Ricardo Tubbs

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Ricardo Tubbs
First appearance "Brother's Keeper"
Last appearance "Freefall"
Portrayed by Philip Michael Thomas (television series)
Jamie Foxx (film)
Information
Aliases "Richard Taylor"[1]
"Rico Cooper"[2]
Occupation Metro-Dade Detective Sergeant
Family Rafael Tubbs (brother, deceased)[3]
Ricardo Tubbs Jr. (son)[4]
Affiliated with James "Sonny" Crockett

Detective Ricardo Tubbs is a fictional character from the Miami Vice television series and film of the same name. He is portrayed in all his appearances in the television series by Philip Michael Thomas, and in the film by Jamie Foxx. Tubbs is an undercover detective for the Metro-Dade Police Department's Organized Crime Bureau, having relocated to Miami from New York City in order to track down his brother's murderer. For the duration of the series, Tubbs is partnered with fellow undercover detective James "Sonny" Crockett, portrayed by Don Johnson; in the film, he is again partnered with Colin Farrell's Crockett.

The character made his first appearance in "Brother's Keeper", the pilot episode of the series, broadcast on 16 September 1984; and went on to appear in all but one of the series' 111 episodes. Thomas' portrayal of the role was well received by fans and critics, and earned the actor a People's Choice Award and a Golden Globe Award nomination. The character would go on to become a fashion icon, and helped to set a trend for Miami Vice-related clothing.

Fictional character biography[edit]

Television series[edit]

Before coming to Miami, Tubbs was a detective for the New York Police Department, along with his brother Rafael.[3] At various times during his stint in New York, Tubbs was partnered with detectives Valerie Gordon (Pam Grier)[5] and Clarence Batisse (Victor Love)[6] Tubbs and Gordon were romantically involved, and would sporadically resume their affair throughout the series.[5] Tubbs' relationship with Batisse, however, was much more volatile—after a suspicious shooting during a routine bust, Tubbs' testimony to Internal Affairs resulted in Batisse's dismissal. Batisse would, however, eventually be exonerated thanks to Tubbs' aid.[6]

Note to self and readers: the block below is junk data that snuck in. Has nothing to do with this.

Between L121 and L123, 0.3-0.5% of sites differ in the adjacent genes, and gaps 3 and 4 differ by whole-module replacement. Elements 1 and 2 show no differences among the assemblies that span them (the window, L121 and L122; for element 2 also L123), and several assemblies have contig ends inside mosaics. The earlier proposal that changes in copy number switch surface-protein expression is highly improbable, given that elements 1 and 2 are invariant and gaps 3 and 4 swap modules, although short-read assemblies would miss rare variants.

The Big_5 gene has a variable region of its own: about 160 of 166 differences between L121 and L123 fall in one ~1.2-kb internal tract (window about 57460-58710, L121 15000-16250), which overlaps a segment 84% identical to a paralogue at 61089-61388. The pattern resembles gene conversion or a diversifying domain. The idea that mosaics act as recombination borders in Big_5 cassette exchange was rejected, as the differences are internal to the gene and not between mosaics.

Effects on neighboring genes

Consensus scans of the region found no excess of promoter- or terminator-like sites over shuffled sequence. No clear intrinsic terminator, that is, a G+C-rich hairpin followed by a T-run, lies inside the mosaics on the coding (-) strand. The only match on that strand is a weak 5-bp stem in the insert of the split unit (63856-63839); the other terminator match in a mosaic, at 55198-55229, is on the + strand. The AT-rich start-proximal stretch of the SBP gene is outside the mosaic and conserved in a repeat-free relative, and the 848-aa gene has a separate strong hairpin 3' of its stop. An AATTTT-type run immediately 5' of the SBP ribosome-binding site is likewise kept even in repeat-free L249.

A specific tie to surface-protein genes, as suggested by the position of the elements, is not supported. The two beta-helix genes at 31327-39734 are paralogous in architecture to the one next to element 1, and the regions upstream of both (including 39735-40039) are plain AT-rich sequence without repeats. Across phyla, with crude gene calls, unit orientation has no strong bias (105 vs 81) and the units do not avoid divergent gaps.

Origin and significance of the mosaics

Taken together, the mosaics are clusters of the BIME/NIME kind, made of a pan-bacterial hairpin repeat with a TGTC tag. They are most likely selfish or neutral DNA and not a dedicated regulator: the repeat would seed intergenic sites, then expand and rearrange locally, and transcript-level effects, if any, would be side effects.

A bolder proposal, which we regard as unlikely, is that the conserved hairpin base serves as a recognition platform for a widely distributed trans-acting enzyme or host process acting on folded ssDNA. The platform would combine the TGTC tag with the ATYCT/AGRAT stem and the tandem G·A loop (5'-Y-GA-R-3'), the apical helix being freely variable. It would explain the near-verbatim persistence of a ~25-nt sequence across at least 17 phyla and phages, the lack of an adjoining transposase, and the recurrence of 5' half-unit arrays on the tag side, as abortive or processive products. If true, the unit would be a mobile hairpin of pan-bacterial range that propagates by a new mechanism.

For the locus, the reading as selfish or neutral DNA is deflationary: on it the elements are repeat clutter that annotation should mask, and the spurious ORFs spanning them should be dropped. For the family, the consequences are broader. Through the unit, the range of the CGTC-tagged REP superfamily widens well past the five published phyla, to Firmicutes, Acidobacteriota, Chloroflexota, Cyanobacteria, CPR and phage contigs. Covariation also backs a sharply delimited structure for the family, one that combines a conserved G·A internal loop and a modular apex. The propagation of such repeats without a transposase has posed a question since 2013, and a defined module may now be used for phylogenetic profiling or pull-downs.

Rafael's murder at the hands of drug lord Esteban Calderone (Miguel Piñero) led Tubbs to Miami, where he eventually teamed up with the Metro-Dade Organized Crime Bureau. Calderone was apprehended, but managed to bribe a judge to escape custody.[3] Later, when trying to track the drug lord again, Tubbs sleeps with Angelina Madeira (Phanie Napoli), Calderone's daughter. Upon confronting the drug lord, Crockett and Tubbs are caught in a shoot-out, which ends when Crockett shoots Calderone dead.[7] Several months later, Angelina surfaces again, having had a child as a result of her fling with Tubbs. However, her brother Orlando (John Leguizamo) has also located Tubbs, wanting revenge for his father's death. Tubbs' son, Ricardo Jr, is kidnapped, and Angelina killed, before Orlando escapes.[4] Orlando reappears after luring Tubbs to a remote Caribbean island, hoping to trap and kill him. Tubbs is able to evade Orlando's gang, however, and escapes after killing his pursuer in a shoot-out.[8]

Film[edit]

Production[edit]

Tubbs, along with his partner Crockett, have been cited as being influenced by the characters of David Starsky and Kenneth Hutchinson from the 1970s series Starsky and Hutch, several episodes of which were written by Miami Vice producers Michael Mann and Anthony Yerkovich; and the duo of Bobby Hill and Andy Renko from Hill Street Blues. The film 48 Hrs. has also been seen as an influence on the characters.[9] Tubbs represents a "neo-populist sneering at the worlds of finance and politics", his New York back-story helping to convey "a sociological explanation of crime".[10]